Soil

Soils provide a wide variety of ecosystem services, including regulating carbon through sequestration and providing a structure to support crop plants. Erosion of soil, the primary source for soil particles to leave agricultural fields, may increase in certain areas of the U.S. due to climate change. Some areas of the country will experience less rainfall, causing soils to dry out. Combined with higher winds, this may lead to higher rates of wind erosion. Other areas may experience more intensive rainstorms, which can increase erosion rates by washing out stream banks, for example. Other factors affecting soil erosion that may increase or decrease due to climate change include changing irrigation needs, snowmelt patterns, soil erodibility, conservation practices, and topography.

Increasing humidity and precipitation and rising extreme temperatures are having negative impacts across the Midwest. Integrating climate adaptation into planning processes can help build adaptive capacity to increase climate resilience. The U.S. Climate Resiliency Toolkit for…

Salinity and Salinization Impacts Coastal forests and farmlands in parts of the Southeast are being negatively affected by saltwater intrusion and salinization. Elevated salinity levels cause crop yield declines, coastal forest loss, salt-tolerant invasive species takeover,…

Warmer temperatures and longer growing seasons offer Pennsylvania dairy farmers the ability to plant more than one crop in a season. But increasing frequency of extreme rainfall presents new challenges. Double cropping with winter annuals can increase forage production and…

2019 has proven to be an extreme year weather-wise here in the Midwest--from extreme cold in January, the Bomb Cyclone in March, and tornadoes in April to extensive rain and subsequent flooding in May and June. The Midwest states are no strangers to disaster. As we look back on…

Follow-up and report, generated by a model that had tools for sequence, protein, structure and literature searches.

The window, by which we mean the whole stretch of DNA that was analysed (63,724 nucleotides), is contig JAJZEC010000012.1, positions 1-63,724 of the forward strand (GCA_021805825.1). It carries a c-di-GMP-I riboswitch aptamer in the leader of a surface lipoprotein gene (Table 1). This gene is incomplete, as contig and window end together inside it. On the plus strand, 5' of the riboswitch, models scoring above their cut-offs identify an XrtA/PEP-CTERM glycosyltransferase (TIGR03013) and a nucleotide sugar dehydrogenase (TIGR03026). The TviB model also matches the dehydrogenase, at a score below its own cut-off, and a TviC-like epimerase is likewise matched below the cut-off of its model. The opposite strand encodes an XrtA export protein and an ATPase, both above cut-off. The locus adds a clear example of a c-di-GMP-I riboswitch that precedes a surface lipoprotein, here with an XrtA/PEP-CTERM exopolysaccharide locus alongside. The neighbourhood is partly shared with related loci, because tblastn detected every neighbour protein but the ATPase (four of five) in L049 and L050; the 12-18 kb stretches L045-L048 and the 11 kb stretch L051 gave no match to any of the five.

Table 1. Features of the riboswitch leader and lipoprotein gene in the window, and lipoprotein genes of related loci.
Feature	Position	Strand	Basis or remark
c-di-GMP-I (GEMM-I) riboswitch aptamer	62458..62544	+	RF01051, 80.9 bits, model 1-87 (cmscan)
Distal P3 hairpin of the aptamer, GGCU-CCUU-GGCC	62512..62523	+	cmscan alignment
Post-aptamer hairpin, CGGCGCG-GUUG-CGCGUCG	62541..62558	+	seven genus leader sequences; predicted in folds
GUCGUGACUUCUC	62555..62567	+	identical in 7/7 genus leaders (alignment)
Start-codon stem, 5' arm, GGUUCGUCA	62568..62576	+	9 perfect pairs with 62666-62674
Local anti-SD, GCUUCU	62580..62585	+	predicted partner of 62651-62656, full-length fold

Taking action now can help forested watersheds prepare for and adapt to a changing climate. Forested watersheds improve water quality and enhance water storage, naturally regulate streamflows, reduce flood damages and stormwater runoff, replenish groundwater and provide a myriad…

Growing Season Length Warmer temperatures have resulted in a longer freeze-free season and longer growing season across the region (Frumhoff et al. 2007, Kunkel et al. 2013). The freeze-free season, which is the period between the last occurrence of 32 °F in the spring and the…

Dibaginjigaadeg Anishinaabe Ezhitwaad - A Tribal Climate Adaptation Menu and resources.   Climate change has impacted and will continue to impact indigenous peoples, their lifeways and culture, and the natural world upon which they rely, in unpredictable and potentially…

Soil Health and Climate Change Agricultural professionals in the Northwest are and will continue to be impacted by climate change in a multitude of ways. Climate change is expected to increase the vulnerability of our agriculture systems, challenging managers’ ability to adopt…

Capstone students are helping us hear the stories of farmers who are adapting to climate change The Public Communication Capstone is a service-learning course at the University of Vermont (UVM). The USDA Northeast Climate Hub partnered with a team of Capstone students in Spring…